Francis Chou. An actual early investor with this former Bell repairmen saw his $80,000 grow to $5 million and, at the age of 80, will be worth close to $60 million if compound rates stay constant. Now, this deep-value portfolio manager who likes to pay 50 cents on the dollar runs over $1 billion for his multitude of investors. > My Interview with Francis Chou.
Francis Chou Investing Lessons:
- Relating shopping in India to investing: “It was my job to make sure I was paying the lowest price for the best ”
- “I contrast the current scenario to the scenario in 1981. Everyone is so bullish.”
- “I didn’t know the market was going to take off in six months [in 1981], but I knew you couldn’t get stocks any cheaper.”
- “When you read about great men and women of the past, it is like having a conversation about world affairs in your living It is not only educational but it builds perspective about life and business in general.”
- “My first job is to check whether the company in question meets my investment criteria. It could be a good company, a bad company, or it could be a CRAP [cannot realize a profit].”
- “I do screens, read a lot, and talk to other talented portfolio managers to see where they are seeing bargains. . . . [And] before you make a purchase, you should look for investors who are negative.
- “I just go wherever I can find For instance, in the years 2000 to 2002, I was basically in distressed bonds. I just go wherever I can find something undervalued.”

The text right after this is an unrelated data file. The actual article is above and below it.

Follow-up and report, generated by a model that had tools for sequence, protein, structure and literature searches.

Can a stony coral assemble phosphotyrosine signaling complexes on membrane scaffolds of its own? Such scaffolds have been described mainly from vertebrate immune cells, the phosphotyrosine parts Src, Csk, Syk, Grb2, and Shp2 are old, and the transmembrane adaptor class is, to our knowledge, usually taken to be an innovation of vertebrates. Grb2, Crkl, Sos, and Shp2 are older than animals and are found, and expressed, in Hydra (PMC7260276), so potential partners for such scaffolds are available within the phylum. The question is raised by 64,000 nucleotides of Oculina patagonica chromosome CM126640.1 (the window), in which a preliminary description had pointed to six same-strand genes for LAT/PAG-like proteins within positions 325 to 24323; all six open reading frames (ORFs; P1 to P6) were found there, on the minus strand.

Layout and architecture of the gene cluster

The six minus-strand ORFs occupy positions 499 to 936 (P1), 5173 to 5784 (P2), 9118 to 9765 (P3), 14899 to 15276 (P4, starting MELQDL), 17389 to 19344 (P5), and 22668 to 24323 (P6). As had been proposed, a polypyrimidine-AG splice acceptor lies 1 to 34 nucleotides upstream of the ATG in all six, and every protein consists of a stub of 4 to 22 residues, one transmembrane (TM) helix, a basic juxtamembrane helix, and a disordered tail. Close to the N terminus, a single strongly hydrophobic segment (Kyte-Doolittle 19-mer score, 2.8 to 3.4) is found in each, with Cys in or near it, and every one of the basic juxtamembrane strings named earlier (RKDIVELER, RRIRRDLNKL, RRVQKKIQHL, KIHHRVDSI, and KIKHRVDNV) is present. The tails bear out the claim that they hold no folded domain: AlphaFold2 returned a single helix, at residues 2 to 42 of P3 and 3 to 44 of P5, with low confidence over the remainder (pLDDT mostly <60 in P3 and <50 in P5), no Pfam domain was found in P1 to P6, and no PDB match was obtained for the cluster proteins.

- “Whenever the majority of investors are purchasing securities at prices that implicitly assume that everything is perfect with the world, an economic dislocation or other shock always seems to appear out of the blue. And when that happens, investors learn, once again, that they ignore risk at their own peril”
- “We continue to diligently look for undervalued stocks and will buy them only when they meet our price criteria — in other words, when they are priced for imperfection.”
- “Initially I analyze bottom-up and then I go top-down.”
- “Most investors invest in terms of premium or discount to book That is a serious mistake. Let’s say the year was 2006. You examine the loan portfolio [of a bank] and see all the junk there. As a result, you wouldn’t touch a U.S. bank with a barge pole.”
- “I’m trying to buy 80 cents for 40 cents. It does not matter whether they are good companies, bad companies, or distressed”
- “The first thing you have to do in this business is to make sure that your valuation is accur If your valuation is wrong . . . then you won’t make it in this business.”
- “You’re a businessman . . . you ask, ‘If I were to buy this company, how much would I pay?’”
- “I don’t know what will happen two years from now where there could and probably would be newer technology.”
- “I don’t want to chase businesses where management is making decisions that don’t make economic sense.”
- “Sustainable earning power, business moats, and competitive advantage relate more closely to intrinsic value and therefore are more important than just increases in book ”
- “Investments are most profitable when the selection process is most businesslike. Therefore, you must have the skill level to evaluate a business.”
- “You have to go against the grain. You have to do your own independent work, your own analysis, and you stand on the merits of your own judgments.”
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